The long awaited follow-up to the hugely successfully Canon EOS 5D Mark II has finally launched. The Canon EOS 5D Mark III (pre-order from B&H here) improves upon almost everything that has been a shortcoming with the 5D classic and the 5D Mark II, namely the autofocus system. Canon’s decision to roll the new 61-point autofocus is definitely a fundamental shift for Canon to finally roll down some of the more pro features to the lower bodies. In our opinion, this was one of Canon’s big drawback such as when they opted to stick with the same 9-point autofocus with the 5D Mark II. While some people may not feel the 5D Mark III is a huge enough upgrade, we would disagree and here’s why:
- The 61-point autofocus. This is huge. This makes the 5D a killer camera and finally can achieve it’s true nickname of “baby 1D”. With 61-points, you no longer have to focus-and-recompose meaning much more accurate focusing.
- 22 MP sensor. I’m pretty sure many people are wondering why Canon only stuck to 22 MP when the new Nikon D800 has 36 MP, I’m glad that Canon is no longer fixated on the MP war. The big question is, are they finally refocusing on noise performance?
- High ISO Performance. With a ISO ceiling of 102,400, I think Canon is signaling its return to a focus on low-noise. This is certainly great news for us wedding photographers who commonly shoot in the dark.
- Aspect Ratios. One of my favorite features with my Nikon D3 is the in-camera crop mode that allows me to go from full-frame to DX (1.5X) mode, it’s like having two cameras in one. The Canon EOS 1D-X was the first Canon camera to feature this mode and we’re happy to see they decided to roll it into the 5D Mark III as well.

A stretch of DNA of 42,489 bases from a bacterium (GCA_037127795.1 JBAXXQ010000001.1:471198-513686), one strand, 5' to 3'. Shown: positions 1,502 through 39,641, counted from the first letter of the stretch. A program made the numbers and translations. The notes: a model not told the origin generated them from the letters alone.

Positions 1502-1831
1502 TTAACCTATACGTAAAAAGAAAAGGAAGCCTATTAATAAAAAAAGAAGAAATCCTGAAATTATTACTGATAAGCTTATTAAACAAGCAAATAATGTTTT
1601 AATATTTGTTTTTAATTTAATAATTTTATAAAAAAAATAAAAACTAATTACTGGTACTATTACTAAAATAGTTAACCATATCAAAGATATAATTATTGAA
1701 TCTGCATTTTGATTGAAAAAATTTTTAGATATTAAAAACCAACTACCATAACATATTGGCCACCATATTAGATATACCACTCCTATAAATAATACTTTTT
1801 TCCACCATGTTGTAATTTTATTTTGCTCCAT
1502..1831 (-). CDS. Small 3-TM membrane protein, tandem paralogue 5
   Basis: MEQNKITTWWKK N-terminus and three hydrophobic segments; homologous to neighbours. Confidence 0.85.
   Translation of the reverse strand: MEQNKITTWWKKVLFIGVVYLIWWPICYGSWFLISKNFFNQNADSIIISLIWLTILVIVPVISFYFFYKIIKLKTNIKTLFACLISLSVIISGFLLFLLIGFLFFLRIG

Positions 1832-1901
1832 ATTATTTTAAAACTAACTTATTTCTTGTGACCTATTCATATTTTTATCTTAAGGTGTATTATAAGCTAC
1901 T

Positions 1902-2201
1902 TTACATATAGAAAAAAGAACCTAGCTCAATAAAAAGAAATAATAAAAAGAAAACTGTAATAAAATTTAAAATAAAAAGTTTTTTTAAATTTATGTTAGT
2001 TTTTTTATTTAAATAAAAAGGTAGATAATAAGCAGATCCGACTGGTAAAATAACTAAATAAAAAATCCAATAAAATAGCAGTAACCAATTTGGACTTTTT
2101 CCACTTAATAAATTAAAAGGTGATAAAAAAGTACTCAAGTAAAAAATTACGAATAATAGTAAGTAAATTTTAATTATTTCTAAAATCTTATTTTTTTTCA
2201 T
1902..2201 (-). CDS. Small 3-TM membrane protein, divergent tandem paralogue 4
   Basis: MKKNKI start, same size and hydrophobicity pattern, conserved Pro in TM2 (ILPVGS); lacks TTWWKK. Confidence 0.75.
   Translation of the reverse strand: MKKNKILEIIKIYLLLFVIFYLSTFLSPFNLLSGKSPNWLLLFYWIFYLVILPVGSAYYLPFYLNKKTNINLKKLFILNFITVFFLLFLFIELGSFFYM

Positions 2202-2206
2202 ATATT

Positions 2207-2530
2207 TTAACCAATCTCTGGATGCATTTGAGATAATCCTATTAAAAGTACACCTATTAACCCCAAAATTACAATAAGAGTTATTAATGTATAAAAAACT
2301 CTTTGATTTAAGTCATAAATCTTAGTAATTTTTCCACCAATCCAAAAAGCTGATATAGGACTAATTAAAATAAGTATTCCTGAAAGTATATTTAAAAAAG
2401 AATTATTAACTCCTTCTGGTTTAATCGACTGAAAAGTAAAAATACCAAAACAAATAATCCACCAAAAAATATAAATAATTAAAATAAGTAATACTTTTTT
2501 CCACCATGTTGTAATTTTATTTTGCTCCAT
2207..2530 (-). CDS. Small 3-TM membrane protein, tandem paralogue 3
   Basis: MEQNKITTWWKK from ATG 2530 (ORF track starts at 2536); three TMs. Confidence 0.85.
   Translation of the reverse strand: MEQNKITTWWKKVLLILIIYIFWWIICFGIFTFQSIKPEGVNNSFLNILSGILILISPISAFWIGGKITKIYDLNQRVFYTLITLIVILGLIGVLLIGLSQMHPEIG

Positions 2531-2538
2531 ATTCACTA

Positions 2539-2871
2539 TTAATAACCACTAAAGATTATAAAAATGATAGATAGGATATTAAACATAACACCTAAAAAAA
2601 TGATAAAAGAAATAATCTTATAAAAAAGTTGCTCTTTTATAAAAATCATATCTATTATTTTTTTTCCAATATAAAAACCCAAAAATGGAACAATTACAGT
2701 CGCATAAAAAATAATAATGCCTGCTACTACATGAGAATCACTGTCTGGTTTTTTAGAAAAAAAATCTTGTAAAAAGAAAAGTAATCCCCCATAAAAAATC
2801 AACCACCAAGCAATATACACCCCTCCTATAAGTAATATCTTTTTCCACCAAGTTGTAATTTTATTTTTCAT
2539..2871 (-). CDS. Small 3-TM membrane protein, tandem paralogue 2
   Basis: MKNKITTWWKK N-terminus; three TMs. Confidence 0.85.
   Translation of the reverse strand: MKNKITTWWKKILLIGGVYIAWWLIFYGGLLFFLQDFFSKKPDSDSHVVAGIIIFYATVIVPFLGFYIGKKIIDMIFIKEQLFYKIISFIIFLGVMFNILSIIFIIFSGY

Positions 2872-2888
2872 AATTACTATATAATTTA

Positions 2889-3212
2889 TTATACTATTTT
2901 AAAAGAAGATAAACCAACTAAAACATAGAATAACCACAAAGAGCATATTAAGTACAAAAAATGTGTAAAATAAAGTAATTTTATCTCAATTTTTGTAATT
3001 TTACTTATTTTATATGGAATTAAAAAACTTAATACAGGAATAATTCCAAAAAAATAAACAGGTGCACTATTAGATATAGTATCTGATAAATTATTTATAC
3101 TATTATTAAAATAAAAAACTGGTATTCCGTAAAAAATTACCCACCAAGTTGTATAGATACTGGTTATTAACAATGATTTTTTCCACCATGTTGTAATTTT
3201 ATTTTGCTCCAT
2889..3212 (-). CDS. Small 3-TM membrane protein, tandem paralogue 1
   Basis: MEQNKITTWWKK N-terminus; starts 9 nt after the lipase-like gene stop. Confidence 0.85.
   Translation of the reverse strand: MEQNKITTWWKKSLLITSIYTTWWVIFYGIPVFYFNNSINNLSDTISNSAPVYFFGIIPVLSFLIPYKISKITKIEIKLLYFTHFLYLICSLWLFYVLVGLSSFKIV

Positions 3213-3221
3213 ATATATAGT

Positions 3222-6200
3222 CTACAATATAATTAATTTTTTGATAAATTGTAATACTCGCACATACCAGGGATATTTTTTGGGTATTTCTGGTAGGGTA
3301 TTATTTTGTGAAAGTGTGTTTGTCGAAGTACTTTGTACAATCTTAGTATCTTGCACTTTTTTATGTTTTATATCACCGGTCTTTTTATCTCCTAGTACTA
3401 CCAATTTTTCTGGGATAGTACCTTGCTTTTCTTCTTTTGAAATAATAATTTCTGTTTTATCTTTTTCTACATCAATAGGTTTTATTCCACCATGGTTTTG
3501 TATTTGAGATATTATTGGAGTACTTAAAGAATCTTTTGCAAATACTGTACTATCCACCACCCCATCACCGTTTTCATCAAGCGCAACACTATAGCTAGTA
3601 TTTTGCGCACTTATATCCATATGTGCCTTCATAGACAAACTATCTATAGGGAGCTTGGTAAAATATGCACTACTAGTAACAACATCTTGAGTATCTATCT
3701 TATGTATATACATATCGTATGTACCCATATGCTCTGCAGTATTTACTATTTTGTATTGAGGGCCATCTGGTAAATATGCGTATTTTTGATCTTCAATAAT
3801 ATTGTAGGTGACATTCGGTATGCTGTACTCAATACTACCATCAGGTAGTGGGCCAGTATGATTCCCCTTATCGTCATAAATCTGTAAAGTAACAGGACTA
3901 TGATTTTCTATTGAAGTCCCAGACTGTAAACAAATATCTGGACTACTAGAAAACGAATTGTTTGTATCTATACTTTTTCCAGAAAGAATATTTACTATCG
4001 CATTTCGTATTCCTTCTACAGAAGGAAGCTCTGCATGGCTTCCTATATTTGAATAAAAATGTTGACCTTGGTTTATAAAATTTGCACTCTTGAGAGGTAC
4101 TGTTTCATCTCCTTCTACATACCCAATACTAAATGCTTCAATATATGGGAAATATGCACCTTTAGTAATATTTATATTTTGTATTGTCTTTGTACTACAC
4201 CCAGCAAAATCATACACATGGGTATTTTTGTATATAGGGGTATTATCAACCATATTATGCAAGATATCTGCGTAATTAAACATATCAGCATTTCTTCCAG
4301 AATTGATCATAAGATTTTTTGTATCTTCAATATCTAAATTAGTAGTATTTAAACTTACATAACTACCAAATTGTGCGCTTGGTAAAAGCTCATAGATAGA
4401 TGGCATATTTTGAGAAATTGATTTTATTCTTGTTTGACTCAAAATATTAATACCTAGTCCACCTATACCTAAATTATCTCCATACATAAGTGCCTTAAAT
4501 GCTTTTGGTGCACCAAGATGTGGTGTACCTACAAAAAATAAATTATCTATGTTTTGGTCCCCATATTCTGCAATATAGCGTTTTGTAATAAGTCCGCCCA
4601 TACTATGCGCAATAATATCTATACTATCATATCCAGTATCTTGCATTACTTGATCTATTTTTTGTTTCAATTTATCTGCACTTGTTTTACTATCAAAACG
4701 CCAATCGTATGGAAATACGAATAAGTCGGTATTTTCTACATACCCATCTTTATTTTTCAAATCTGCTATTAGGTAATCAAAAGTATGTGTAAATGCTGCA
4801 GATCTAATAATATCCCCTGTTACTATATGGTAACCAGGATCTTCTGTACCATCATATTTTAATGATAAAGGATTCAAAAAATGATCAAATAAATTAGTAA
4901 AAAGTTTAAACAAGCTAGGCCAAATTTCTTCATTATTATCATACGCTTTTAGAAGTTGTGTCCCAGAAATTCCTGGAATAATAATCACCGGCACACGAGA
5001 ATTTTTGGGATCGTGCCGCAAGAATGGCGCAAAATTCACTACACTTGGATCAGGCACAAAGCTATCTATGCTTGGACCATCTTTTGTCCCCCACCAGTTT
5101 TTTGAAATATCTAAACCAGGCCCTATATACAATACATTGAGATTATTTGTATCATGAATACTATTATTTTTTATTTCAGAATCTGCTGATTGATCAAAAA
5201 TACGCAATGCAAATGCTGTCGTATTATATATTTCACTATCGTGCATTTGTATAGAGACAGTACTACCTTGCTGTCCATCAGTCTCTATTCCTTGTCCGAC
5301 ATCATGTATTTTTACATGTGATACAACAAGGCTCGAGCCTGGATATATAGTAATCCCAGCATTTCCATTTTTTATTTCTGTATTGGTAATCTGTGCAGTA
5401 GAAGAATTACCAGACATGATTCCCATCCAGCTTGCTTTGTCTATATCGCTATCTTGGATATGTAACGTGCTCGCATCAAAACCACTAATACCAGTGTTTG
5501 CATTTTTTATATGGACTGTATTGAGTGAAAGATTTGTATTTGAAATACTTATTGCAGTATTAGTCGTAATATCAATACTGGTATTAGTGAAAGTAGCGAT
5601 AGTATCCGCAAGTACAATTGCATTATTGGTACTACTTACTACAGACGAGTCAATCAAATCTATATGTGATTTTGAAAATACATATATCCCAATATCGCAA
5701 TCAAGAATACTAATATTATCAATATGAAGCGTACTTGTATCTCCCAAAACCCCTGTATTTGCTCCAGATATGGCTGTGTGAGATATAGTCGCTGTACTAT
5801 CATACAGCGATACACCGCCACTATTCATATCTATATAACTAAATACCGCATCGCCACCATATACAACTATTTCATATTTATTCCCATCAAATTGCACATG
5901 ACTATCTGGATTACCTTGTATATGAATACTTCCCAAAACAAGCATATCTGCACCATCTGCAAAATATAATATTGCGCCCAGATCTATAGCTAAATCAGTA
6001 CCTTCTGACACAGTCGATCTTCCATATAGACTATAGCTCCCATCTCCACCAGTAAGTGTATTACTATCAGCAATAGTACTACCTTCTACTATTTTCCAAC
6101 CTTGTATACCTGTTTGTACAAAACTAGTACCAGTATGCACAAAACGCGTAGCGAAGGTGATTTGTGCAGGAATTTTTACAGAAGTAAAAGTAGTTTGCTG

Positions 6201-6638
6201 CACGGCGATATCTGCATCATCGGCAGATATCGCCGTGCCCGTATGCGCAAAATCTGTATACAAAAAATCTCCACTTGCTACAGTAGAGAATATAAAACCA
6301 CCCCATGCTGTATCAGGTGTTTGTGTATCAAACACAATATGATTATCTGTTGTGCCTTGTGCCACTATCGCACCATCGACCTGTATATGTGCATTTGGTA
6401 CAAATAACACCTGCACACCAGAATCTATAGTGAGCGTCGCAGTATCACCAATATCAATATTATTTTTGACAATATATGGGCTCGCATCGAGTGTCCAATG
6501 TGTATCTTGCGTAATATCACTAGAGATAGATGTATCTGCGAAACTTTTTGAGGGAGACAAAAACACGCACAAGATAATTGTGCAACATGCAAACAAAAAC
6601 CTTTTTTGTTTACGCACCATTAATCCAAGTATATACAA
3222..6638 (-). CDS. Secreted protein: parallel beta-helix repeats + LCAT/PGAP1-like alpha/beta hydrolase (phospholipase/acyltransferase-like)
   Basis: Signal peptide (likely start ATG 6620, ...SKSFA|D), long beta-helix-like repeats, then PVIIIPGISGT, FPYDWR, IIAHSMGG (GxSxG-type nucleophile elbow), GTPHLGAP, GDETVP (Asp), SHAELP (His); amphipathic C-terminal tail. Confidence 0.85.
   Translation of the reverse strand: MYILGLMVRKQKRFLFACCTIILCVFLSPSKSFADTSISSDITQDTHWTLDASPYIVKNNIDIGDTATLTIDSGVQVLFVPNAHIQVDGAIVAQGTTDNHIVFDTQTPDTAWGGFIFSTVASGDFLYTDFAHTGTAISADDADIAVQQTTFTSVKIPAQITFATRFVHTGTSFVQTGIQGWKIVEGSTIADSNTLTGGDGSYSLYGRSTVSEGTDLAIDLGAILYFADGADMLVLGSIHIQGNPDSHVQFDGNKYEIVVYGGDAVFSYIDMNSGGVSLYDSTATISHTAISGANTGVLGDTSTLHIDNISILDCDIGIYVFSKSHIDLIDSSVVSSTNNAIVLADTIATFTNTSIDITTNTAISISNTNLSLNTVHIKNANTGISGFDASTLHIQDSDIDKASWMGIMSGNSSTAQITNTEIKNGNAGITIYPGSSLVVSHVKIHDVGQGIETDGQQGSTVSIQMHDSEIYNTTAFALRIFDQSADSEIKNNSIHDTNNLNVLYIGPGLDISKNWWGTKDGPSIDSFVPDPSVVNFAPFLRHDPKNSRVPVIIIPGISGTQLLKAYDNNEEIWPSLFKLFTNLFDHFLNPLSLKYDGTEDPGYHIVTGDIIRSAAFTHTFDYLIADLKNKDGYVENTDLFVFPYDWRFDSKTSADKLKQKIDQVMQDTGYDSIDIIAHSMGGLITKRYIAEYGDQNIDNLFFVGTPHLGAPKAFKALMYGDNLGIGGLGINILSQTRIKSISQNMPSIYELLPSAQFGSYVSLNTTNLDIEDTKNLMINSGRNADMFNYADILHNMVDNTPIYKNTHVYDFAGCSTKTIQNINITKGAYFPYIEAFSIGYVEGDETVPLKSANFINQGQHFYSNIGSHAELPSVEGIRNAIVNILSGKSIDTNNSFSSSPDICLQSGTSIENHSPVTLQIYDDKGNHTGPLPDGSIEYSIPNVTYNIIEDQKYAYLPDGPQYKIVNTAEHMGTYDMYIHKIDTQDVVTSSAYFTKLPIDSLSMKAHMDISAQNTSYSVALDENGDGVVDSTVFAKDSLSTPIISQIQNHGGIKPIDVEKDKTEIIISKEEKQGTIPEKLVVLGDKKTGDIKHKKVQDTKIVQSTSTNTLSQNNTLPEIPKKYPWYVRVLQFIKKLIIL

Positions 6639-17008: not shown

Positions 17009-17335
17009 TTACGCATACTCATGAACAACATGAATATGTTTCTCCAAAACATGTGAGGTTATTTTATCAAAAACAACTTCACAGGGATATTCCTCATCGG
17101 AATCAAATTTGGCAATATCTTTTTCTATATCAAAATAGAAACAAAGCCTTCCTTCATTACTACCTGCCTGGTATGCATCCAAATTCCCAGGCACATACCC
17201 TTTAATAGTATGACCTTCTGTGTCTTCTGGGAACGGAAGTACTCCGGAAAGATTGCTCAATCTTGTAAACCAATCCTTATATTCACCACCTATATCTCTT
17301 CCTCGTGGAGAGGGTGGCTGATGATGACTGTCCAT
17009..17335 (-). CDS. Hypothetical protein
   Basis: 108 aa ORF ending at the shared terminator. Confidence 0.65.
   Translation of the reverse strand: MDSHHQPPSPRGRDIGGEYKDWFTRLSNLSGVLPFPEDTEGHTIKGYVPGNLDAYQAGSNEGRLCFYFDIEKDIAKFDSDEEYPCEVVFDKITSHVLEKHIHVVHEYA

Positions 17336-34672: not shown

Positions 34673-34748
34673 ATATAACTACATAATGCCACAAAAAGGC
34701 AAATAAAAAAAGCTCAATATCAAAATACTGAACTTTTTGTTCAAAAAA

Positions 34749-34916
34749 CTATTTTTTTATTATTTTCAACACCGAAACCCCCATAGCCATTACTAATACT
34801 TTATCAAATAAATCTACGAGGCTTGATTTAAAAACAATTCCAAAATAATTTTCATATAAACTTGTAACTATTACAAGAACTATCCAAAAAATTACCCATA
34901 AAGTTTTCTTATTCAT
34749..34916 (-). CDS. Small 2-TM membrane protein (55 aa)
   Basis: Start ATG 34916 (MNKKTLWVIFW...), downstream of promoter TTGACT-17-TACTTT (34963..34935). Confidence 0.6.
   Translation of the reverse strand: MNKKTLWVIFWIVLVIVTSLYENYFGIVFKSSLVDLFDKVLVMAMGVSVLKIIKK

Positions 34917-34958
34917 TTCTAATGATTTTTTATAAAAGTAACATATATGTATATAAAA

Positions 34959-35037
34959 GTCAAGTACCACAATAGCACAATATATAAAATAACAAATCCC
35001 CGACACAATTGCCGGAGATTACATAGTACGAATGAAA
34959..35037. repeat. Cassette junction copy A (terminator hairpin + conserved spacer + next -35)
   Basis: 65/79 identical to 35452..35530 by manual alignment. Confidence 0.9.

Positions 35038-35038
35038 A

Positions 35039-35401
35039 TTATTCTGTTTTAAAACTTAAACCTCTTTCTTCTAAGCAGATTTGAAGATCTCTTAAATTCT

- Dual Card Slot. This is always a welcome addition. Sadly there isn’t enough space to do dual slot CompactFlash cards and I’m sure the pros would be up in arms if they opted to do dual slot SD cards.
There are a number of other welcomed additions and we definitely predict the 5D Mark III to be a hot seller. You can see some sample photos and movies taken with the Mark III on Canon Japan’s site here. There are also some initial 5D Mark III reviews out: Vincent LaForet, DPReview.com, Jeff Ascough, DXO Mark, and Imaging-Resource.com. Pre-order from B&H Photo now before they get back-ordered like crazy.
Canon also released a few other note-worthy accessories as well:
- Canon Speedlite 600EX-RT. This is probably the first speedlight of any kind to get built-in wireless radio triggers. Most likely this will use proprietary technology meaning you won’t be able to use your existing PocketWizard to trigger these, it is an exciting step forward. It now can also zoom the flash head to 200mm like Nikon’s SB-910. No longer do you have to worry about sunlight or line of sight when trigger your Speedlites. Unfortunately these things are not cheap: $629.
- Canon Speedlite Transmitter ST-E3-RT. This is the update to the previous worthless Speedlite Transmitter ST-E2 and is designed to work with the new built-in wireless radio transmitter like the Speedlite 600EX-RT. It’s also finally digital now and hopefully you can control all three groups. Sadly, it does not seem to be backwards compatible because of the missing optical transmission function according to B&H. Pricing sounds like it’s going to be $470.
- Canon WFT-E7. The new WFT-E7 does exactly what all the previous WFT did previously, transfer photos taken on the camera to a computer. But what makes this WFT potentially worth the investment is they added the ability to remotely control limited functions of your camera through a web interface like Nikon. And if the wi-fi speeds are enough, pretty soon you can shoot tethered without wires.
- Canon GP-E2. Canon finally offers a GPS module to geo-tag your photos. Useful, but depends on the price.
- Canon BG-E11 Vertical Grip. The vertical grip is pretty much what you’ll expect with controls in the vertical orientation. Pre-order from B&H here.